Often we have a story about ourselves and others that’s about things being one way or the other.

 

We’re good at something or bad at something.

We’re successful or a failure.

We’re right or wrong.

 

All or nothing thinking is also known as polarized thinking. Our brain likes to create unambiguous categories because it’s efficient and predictable so we tend to force ourselves and others into categories that don’t exist.

 

Carl Jung was at the forefront of the paradox and thought it was one of our most valuable spiritual resources. He said that only the paradox comes anywhere near to comprehend the fullness of life.

 

Paradox is both/and. It’s the ability to straddle contradictory beliefs, attitudes and feelings without having to think it’s this or that. It’s recognizing that we all have polarities such as a desire for commitment and also freedom, togetherness and also independence as well as safety and also excitement.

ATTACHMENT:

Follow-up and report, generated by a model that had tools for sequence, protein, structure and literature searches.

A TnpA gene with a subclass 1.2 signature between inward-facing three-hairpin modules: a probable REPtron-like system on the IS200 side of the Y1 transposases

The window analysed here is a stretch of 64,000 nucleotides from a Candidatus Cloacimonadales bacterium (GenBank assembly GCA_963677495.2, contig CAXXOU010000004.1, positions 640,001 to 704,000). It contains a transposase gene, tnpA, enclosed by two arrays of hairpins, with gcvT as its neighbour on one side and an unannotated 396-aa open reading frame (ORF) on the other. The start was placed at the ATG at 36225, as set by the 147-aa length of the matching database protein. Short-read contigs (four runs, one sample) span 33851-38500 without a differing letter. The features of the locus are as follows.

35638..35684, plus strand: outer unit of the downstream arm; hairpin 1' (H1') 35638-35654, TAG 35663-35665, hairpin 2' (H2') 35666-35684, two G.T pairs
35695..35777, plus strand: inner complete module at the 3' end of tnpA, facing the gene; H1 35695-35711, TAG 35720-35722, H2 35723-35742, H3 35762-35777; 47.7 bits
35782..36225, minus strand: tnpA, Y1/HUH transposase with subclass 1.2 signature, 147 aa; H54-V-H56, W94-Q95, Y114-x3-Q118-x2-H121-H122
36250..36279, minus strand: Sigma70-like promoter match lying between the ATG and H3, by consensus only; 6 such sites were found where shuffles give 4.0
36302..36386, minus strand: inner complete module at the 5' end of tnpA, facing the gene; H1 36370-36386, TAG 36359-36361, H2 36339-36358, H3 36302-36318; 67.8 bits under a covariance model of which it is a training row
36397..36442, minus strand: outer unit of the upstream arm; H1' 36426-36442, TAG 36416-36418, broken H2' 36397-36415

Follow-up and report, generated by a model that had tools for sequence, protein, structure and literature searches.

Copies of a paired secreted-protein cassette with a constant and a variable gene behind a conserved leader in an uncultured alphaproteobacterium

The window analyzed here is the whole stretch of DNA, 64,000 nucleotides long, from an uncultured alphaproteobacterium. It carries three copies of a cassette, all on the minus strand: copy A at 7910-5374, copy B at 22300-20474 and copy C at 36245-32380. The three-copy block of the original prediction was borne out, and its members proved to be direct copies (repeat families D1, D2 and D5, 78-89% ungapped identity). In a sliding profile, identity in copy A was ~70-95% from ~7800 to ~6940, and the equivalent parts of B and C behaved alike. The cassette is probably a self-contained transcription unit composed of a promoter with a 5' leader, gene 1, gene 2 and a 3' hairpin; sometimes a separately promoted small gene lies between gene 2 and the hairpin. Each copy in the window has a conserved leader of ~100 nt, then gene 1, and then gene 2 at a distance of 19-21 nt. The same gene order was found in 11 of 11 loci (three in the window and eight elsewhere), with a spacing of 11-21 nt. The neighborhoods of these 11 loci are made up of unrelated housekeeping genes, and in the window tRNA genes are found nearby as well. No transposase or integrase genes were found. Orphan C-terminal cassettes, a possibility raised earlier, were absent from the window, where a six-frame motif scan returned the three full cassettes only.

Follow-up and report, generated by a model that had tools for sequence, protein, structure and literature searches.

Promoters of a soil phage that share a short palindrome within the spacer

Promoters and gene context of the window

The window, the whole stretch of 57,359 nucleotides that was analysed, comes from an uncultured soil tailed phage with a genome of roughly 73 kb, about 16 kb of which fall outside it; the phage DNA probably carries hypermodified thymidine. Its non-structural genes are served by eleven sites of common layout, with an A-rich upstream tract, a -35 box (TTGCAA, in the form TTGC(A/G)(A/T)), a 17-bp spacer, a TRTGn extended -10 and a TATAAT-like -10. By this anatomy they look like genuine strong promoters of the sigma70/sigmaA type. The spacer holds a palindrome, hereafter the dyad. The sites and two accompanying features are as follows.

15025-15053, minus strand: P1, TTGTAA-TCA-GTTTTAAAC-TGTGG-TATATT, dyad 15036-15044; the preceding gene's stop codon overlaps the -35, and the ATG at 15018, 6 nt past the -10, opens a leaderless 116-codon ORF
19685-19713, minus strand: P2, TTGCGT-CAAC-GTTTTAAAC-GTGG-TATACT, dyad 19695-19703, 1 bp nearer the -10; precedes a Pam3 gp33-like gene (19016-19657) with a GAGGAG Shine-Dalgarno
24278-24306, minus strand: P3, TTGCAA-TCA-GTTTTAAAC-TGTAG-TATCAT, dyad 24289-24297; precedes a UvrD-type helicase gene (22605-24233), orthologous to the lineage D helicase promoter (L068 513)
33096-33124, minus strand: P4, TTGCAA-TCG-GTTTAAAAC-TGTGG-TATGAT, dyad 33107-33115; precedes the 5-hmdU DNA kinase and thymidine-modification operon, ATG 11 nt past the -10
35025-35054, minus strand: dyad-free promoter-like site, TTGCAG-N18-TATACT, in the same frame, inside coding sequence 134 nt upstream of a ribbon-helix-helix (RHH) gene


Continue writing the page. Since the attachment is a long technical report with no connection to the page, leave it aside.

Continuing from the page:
When we recognize polarity it allows us to see complexity. I love the paradox as a mental gym tool because it allows us to see where we pigeonhole ourselves and other people. It’s the secret sauce to high performance because it allows us to see our assumptions (warning it can be incredibly eye-opening to see how many of them we make in a day) and that opens us up to new perspectives about ourselves, our capabilities and other people.

– Coach Liane

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